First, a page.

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An onshore 450-MMcf/d gas processing facility in Southeast Asia that receives rich, wet gas was losing revenue to severe NGL carryover (1,550 bbl/d) and operating at only 300 MMcf/d. The customer approached Schlumberger for a solution that would enable higher gas throughput while boosting and maintaining hydrocarbon revenue through higher NGL recovery.
Schlumberger computational fluid dynamic (CFD) analysis of the existing scrubber design revealed an unevenly distributed flow in the scrubber vessel and loss of separation efficiency. The existing inlet vane design had a very high gas loading factor (K value) and directed a relatively large fraction of the gas downward at high velocities against the liquid pad, causing reentrainment of the separated liquid. Also, large secondary vortexes formed in the scrubber vessel, leading to relatively chaotic gas flow with high-velocity zones, droplet breakup, and poor liquid separation. The estimated separation performance at design-basis throughput was 51%.
To increase separation efficiency at high K values and reduce the liquid carryover, Schlumberger first conducted an Audit to Optimize service, which resulted in recommending a retrofit scrubber design that incorporated a high-efficiency CONSEPT ACI axial cyclonic inlet (ACI) device combined with CONSEPT DC demisting cyclones. In the new design, the ACI device directed gas flow upward to prevent high velocities above the liquid pad and curtailed reentrainment of liquid. The overall retrofit scrubber design featured 116 CONSEPT DC 80-mm demisting cyclones in the inlet compartment (for bulk removal of gas), 270 CONSEPT DC 56-mm-diameter axial flow demisting cyclones in the demisting section, and a 150-mm mesh pad. The retrofit scrubber was also designed to maintain separation efficiency under turndown and gas spike conditions. As an added advantage, the proposed retrofit design did not require hotwork operations when installing internals. Instead, it uses bolting techniques, which drastically improves operational safety.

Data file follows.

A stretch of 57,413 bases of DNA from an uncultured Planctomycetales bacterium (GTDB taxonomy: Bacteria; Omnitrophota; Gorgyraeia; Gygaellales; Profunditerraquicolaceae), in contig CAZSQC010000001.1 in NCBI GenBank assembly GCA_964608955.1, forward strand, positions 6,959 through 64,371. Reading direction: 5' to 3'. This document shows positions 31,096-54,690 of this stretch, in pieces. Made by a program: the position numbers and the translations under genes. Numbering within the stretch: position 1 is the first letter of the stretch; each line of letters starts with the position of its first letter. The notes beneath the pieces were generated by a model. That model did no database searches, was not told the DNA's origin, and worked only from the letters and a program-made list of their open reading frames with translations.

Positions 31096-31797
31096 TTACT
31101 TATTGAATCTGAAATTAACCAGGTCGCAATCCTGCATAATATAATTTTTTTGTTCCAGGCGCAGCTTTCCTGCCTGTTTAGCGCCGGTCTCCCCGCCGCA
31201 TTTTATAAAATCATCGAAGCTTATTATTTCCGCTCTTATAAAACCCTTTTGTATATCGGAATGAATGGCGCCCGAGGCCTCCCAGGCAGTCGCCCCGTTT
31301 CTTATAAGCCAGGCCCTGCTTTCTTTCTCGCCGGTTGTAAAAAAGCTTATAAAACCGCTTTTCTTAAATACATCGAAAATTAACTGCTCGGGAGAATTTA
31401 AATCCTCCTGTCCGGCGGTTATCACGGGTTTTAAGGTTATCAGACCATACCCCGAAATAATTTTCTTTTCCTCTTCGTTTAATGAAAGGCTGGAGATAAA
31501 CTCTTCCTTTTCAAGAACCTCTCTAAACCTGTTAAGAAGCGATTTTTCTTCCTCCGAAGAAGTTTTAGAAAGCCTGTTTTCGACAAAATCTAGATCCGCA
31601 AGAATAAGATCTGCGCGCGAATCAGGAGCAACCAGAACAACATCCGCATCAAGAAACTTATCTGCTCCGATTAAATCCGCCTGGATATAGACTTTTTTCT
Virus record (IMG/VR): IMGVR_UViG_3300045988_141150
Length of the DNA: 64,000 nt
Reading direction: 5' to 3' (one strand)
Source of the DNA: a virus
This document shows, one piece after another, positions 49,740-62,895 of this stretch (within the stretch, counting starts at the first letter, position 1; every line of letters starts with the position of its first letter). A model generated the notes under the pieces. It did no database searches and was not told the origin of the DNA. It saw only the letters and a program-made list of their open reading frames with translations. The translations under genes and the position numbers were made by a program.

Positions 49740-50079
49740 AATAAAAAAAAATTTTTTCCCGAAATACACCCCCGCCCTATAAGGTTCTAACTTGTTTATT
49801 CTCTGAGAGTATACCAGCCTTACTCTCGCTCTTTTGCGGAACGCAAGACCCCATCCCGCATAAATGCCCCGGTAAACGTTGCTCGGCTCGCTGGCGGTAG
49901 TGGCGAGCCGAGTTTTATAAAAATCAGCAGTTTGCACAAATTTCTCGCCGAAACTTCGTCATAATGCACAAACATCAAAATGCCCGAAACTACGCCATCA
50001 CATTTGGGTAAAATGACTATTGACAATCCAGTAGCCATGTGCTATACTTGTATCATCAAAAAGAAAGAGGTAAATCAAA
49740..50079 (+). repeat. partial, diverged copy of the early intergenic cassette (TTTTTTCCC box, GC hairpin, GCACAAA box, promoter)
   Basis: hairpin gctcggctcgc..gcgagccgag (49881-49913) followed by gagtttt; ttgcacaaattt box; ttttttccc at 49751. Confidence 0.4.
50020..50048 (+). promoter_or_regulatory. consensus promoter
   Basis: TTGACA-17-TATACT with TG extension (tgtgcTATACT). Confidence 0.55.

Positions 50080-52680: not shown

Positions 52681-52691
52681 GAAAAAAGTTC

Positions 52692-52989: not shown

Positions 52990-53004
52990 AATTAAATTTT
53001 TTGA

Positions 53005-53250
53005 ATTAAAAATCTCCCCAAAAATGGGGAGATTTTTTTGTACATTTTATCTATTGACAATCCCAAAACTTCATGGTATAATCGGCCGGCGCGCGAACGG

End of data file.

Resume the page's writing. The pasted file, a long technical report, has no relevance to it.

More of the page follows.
The combination of the inlet device and the axial flow cyclones provided a robust system design that increased separation performance. CFD verification of the retrofit design at a flow rate of 485 MMcf/d (and a gas density of 54.39 kg/m3) showed a uniform distribution of the gas out of the gas outlet and mesh pad. Modeling predicted the retrofitted scrubber vessels would have the capability to remove droplets in the gas stream down to an average size of 6 microns and separator efficiency would increase from 51% to over 99.9%. In addition, the design would also maintain efficiency during turndown and intermittent gas spikes.
Independent third-party field test results verified that the new scrubber design consistently achieved higher separation efficiency (more than 99.94% separation with less than 10-bbl/d liquid carryover) even under turndown or lower inlet gas flow conditions. The capture of the previously entrained NGLs increased the customer’s NGL revenues. The facility has been successfully operating since 2011 per the design performance separation criteria.
Challenge: Optimize separation performance at gas processing facility, minimize liquid carryover, and increase throughput to 450 MMcf/d.